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  • Dr. Rachel Kramer

April 3: Simply Listening

This week I have been thinking about times when it is helpful for parents to use fewer words. If you have been reading these posts for a while, you know that I am a big proponent of using language to describe feelings and to communicate about emotions and relationships. Today I want to reflect on times when using less language might be preferable.

So often as parents we’re tempted to jump in, offer advice, or ask lots of questions about a stressful situation. Our intentions are so well-meant: ‘I have more wisdom and life experience than my child, so of course I should weigh with my opinion about how to solve a tricky problem’. Particularly in the age of cell phones, children are able to reach out and ask for help with situations that in the past they would have been required to manage on their own because they simply didn’t have the ability to get in touch with a parent.

One of the most important jobs a parent has is to provide a calm, nurturing presence for a child. In addition, most parents strive to raise resilient children who are able to solve problems independently. Balancing these goals is more of an art than a science. How do we combine being a supportive presence for children while also encouraging their ability to think independently?

Next time your child reports to you about a tricky situation, pause for a moment and consider whether this is a time for you to be actively engaged in solving the problem, or whether it is an opportunity to provide a loving, supportive presence and to express confidence in your child’s ability to engage in creative problem solving. If it’s the latter, here are some scripts that might be useful:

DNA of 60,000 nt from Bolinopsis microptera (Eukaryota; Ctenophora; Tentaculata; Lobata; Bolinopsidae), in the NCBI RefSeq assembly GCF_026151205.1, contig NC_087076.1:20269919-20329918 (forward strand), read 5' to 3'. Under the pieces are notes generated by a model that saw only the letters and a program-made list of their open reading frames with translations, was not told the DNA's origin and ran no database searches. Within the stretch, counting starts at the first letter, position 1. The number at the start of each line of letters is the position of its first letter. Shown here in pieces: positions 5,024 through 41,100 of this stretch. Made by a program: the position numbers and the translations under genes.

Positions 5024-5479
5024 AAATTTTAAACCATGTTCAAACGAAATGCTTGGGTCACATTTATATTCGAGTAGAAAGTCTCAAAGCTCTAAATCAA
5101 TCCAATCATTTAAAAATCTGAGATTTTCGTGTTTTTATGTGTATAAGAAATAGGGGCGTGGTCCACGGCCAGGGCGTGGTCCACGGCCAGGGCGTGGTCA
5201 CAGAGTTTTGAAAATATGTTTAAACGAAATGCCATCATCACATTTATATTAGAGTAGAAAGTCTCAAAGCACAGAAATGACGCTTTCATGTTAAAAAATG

• “That sounds like a tricky situation. What ideas do you have about solving the problem?”

  • “Two things are true. This is a hard situation, and you’re someone who can do hard things.”

  • “I’m here and I’m listening.”

  • “Ugh. That sounds frustrating.”

  • “Do you need to rant right now, or do you want to talk about solutions? I’m happy to just listen if you want to vent.”

If you’re someone who has been used to taking an active role in solving problems in the past, making the choice to talk less when your child is frustrated or struggling might feel really difficult. When these situations arise, remember to take a slow, deep breath to give yourself space before you respond, and remind yourself, ‘What my child needs most is my presence. Is this a time when I can simply listen?’

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